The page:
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Publication numberUS20050252154 A1
Publication typeApplication
Application numberUS 10/922,686
Publication dateNov 17, 2005
Filing dateAug 20, 2004
Priority dateMay 12, 2004
Also published asCA2506970A1, CA2506970C, US7398623, US20080240886
Publication number10922686, 922686, US 2005/0252154 A1, US 2005/252154 A1, US 20050252154 A1, US 20050252154A1, US 2005252154 A1, US 2005252154A1, US-A1-20050252154, US-A1-2005252154, US2005/0252154A1, US2005/252154A1, US20050252154 A1, US20050252154A1, US2005252154 A1, US2005252154A1
InventorsDavid Martel, David Hartmann
Original AssigneeDavid Martel, Hartmann David Y
Export CitationBiBTeX, EndNote, RefMan
External Links: USPTO, USPTO Assignment, Espacenet
Deck board fastener with concave prongs
US 20050252154 A1
Abstract
According to the present invention, a fastener for securing a first board to an underlying supporting member and to at least one other board running adjacent and parallel to the first board. The fastener includes a body portion, first and second prongs, and a flange. The first prong extends outwardly from the body portion for driving into a first board. The second prong extends outwardly from the body portion for penetrating a second board. The body portion of the fastener includes an opening for receiving a connector. When installed, the connector passes through the opening in the body portion and into the supporting member, which supports and underlies the first and second boards. The flange extends outwardly from the body portion in order to maintain a desired gap between the first and second boards. The prongs may have concave insertion ends as defined by two spaced-apart insertion points.
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Claims(20)
1. A fastener usable with a connector for securing a first board to an underlying supporting member and to at least a second board running adjacent and parallel to the first board, said fastener comprising:
a flat body portion having front and rear faces and top and bottom edges, said top and bottom edges defining vertical limits of the body portion and the body portion extending vertically between said top and bottom edges;
a first prong extending outwardly from said front face of said body portion for driving into a first board;
a second prong extending outwardly from the rear face of said body portion for penetrating a second board, said second prong running adjacent and parallel to and in a direction opposite from that of said first prong;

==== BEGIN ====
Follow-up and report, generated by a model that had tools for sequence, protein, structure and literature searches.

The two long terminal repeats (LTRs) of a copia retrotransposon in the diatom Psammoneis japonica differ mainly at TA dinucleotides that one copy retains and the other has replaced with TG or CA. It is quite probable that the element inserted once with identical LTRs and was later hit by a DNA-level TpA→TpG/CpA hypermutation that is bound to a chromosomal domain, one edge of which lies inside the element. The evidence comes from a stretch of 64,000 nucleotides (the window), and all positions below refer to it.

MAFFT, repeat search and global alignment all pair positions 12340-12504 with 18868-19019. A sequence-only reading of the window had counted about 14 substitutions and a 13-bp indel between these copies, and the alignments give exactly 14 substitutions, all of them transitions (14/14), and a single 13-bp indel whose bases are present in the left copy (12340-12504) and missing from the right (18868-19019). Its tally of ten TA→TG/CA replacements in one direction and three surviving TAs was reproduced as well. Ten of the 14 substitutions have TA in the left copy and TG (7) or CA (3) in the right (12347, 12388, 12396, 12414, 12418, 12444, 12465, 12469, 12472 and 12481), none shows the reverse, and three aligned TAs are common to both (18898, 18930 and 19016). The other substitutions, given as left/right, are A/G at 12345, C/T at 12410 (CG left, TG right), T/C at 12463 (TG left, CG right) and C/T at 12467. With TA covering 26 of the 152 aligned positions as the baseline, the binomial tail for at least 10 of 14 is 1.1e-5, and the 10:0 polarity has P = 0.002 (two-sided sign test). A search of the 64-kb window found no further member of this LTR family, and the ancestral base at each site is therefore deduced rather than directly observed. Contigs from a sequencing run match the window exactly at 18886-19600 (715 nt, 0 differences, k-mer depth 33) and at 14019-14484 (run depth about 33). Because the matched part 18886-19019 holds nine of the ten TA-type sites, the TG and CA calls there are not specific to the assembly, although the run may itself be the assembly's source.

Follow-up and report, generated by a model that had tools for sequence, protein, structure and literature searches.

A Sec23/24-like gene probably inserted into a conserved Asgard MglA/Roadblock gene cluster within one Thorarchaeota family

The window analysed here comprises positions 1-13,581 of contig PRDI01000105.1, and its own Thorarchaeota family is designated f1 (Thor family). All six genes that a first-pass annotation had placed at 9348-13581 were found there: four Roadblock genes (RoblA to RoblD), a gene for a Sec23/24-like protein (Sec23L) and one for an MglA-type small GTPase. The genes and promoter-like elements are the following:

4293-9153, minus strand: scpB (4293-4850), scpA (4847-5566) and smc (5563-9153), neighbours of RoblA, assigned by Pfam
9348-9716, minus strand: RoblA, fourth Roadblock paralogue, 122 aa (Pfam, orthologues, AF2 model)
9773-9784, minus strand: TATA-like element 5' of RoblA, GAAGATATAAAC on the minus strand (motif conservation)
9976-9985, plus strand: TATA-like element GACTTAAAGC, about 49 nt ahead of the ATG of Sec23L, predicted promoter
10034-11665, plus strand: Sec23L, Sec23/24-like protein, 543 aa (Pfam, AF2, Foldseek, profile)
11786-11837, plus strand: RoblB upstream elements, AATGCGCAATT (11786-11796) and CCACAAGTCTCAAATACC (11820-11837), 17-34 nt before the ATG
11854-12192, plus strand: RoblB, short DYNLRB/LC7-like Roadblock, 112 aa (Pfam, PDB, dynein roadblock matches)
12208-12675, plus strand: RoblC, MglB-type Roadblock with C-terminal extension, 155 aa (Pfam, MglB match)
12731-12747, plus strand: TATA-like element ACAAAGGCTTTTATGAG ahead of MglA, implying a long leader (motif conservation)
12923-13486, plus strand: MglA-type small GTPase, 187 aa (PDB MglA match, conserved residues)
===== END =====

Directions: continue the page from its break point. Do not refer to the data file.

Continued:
said body portion having an opening capable of receiving an elongated connector inserted through said opening with said connector being inclined to and passing through said body portion for fastening said body portion to a supporting member supporting and underlying the first and second boards; and
a flange extending outwardly from said rear face of said body portion, said flange creating a gap between the first and second boards when secured together;
wherein at least one of the first prong and the second prong has a concave insertion end defined by two spaced-apart insertion points.
2. The fastener of claim 1, wherein both the first prong and the second prong have concave insertion ends.
3. The fastener of claim 1, wherein said first prong extends perpendicular to said body portion.
4. The fastener of claim 1, wherein said first prong is one of two such first prongs spaced horizontally from one another.
5. The fastener of claim 1, wherein said second prong extends perpendicular to said body portion.
6. The fastener of claim 1, wherein said second prong is one of two such second prongs spaced horizontally from one another.
7. The fastener of claim 1, wherein:
said connector includes a head and a shank; and
said opening is elongated in order to allow movement of the connector relative to the fastener due to expansion and contraction of the first and second deck boards.
8. The fastener of claim 1, wherein said connector is a screw with a threaded shank and a head.
9. The fastener of claim 1, wherein said two first prongs are located between said two second prongs.
10. The fastener of claim 1, wherein the concave insertion end is a rounded concave insertion end as defined by a radius of curvature.
11. A deck fastener comprising:
a flat body portion having front and rear faces and top and bottom edges;
a first prong extending outwardly from said front face of said body portion;
a second prong extending outwardly from the rear face of said body portion, said second prong running parallel to and in a direction opposite from that of said first prong;